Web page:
EV drivers to be offered financial incentives to charge off-peak

UK Power Networks is offering financial incentives to electric vehicle (EV) drivers to charge their vehicle off-peak.

Up to 1,000 EV drivers across the South and East of England will take part in a trial, which is called Shift, to try and lessen the demand on local electricity networks.

The trial aims to develop a large-scale, smart charging solution that can be rolled out nationwide by flexibility service providers like ChargePoint operators, aggregators and energy suppliers.

UK Power Networks’ ‘market-led’ approach will see the power company work with entech supplier Octopus Energy, intelligent energy platform Kaluza and charge point operator Pod Point to explore the different business models and market mechanisms to deliver benefits from smart charging.

Ian Cameron, head of innovation at UK Power Networks said: ‘We’re really excited to be working with our customers and industry on a nationally-significant trial that could revolutionise the electric vehicle industry.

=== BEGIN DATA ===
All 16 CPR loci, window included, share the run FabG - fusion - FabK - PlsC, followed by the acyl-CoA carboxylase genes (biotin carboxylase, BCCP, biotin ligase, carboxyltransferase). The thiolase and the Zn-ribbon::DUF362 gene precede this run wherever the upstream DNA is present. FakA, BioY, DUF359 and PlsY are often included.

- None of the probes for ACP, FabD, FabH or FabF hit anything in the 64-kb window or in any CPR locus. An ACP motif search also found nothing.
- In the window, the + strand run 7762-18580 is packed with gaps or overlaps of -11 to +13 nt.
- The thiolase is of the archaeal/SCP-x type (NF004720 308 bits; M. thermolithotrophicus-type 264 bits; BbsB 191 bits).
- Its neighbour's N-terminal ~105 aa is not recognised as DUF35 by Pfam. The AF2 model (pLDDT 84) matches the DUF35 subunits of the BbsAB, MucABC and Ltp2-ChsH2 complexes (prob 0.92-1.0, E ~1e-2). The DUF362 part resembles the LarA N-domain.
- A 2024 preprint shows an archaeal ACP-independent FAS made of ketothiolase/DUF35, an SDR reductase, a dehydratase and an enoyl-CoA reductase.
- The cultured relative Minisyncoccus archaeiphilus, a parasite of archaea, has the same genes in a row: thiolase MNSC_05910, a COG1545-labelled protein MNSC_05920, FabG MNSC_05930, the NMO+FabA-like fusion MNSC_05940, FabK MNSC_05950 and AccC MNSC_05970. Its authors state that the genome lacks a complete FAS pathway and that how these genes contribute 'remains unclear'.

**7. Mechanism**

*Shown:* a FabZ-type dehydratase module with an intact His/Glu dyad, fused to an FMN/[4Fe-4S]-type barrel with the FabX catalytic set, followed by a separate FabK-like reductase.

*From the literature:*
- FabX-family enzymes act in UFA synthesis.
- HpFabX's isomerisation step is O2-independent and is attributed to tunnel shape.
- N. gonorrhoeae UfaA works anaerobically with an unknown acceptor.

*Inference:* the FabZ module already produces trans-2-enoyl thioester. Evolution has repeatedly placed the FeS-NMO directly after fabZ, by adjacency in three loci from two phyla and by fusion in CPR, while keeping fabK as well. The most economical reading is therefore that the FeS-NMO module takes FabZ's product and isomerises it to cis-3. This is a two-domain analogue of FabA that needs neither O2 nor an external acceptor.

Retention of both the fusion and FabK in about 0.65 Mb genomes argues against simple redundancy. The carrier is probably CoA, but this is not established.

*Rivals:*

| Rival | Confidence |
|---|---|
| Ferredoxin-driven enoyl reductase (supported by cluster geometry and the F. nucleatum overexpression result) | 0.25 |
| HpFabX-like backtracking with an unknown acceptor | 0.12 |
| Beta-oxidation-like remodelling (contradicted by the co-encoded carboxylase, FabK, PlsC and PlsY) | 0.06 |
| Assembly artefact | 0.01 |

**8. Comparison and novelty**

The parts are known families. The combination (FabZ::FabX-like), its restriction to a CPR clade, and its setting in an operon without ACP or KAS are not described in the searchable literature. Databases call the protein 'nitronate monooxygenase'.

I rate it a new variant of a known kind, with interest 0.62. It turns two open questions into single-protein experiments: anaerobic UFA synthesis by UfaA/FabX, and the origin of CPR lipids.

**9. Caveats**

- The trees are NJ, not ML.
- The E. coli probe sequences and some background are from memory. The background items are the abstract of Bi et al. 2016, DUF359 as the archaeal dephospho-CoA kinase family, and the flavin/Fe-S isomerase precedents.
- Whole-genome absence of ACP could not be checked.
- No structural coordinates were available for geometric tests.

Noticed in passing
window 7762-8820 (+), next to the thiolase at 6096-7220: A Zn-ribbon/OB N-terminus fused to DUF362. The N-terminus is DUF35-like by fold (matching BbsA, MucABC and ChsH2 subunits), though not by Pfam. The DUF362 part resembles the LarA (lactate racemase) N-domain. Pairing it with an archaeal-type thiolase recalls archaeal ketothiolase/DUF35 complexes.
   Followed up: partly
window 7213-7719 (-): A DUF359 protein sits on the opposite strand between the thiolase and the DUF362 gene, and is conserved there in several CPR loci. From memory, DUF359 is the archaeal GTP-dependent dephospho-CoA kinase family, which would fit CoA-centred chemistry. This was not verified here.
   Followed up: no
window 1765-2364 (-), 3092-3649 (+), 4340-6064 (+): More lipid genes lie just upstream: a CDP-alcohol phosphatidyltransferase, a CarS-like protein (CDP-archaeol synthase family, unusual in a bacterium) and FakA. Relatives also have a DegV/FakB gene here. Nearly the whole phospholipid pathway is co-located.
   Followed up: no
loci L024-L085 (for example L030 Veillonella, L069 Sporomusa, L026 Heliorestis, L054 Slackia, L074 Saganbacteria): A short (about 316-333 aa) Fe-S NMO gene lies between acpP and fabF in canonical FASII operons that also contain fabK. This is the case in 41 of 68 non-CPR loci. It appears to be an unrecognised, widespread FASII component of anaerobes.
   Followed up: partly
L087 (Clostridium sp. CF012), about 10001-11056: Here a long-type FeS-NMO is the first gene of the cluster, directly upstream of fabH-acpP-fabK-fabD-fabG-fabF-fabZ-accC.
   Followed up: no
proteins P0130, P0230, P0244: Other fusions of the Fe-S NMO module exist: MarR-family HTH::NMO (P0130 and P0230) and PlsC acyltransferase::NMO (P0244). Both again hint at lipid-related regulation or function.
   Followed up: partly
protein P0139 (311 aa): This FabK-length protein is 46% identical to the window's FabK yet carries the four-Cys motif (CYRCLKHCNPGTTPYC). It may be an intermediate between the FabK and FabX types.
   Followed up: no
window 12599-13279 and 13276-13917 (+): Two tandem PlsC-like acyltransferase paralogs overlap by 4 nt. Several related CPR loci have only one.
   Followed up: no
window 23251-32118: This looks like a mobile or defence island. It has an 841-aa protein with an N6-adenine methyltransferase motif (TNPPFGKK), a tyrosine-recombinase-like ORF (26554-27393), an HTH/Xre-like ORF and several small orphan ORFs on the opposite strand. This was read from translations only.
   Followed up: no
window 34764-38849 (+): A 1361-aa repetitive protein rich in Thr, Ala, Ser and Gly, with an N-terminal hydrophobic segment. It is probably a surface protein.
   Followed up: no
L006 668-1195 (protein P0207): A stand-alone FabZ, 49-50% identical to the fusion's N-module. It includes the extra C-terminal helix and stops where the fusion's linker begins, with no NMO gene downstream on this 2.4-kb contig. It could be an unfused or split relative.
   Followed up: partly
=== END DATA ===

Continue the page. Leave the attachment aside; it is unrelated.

‘There has been a lot of talk about how smart charging could save customers money and help manage the network, but this is the first time we’ve actually set out to discover how.

‘Stakeholders have told us that a smart charging market is what they’d like to see because it gives them both choice and freedom over how they charge their electric vehicle. Listening to this feedback, we are working with others to design new devices that enable customers to benefit from the low carbon transport revolution.’

Last week, the government announced EV charge points will be built on every new UK home or office with a car parking space.

They also say that to mitigate any negative impact on housing supply due to the cost of creating a new connection to the grid, they are proposing an exemption of £3600 per charging point, which is more than three times the average cost of an electrical capacity connection required for one charge point.

The government hopes it will mean more vehicles are charged overnight, reducing pressure on the National Grid.

Photo Credit – Pixabay

Thomas Barrett

Thomas Barrett

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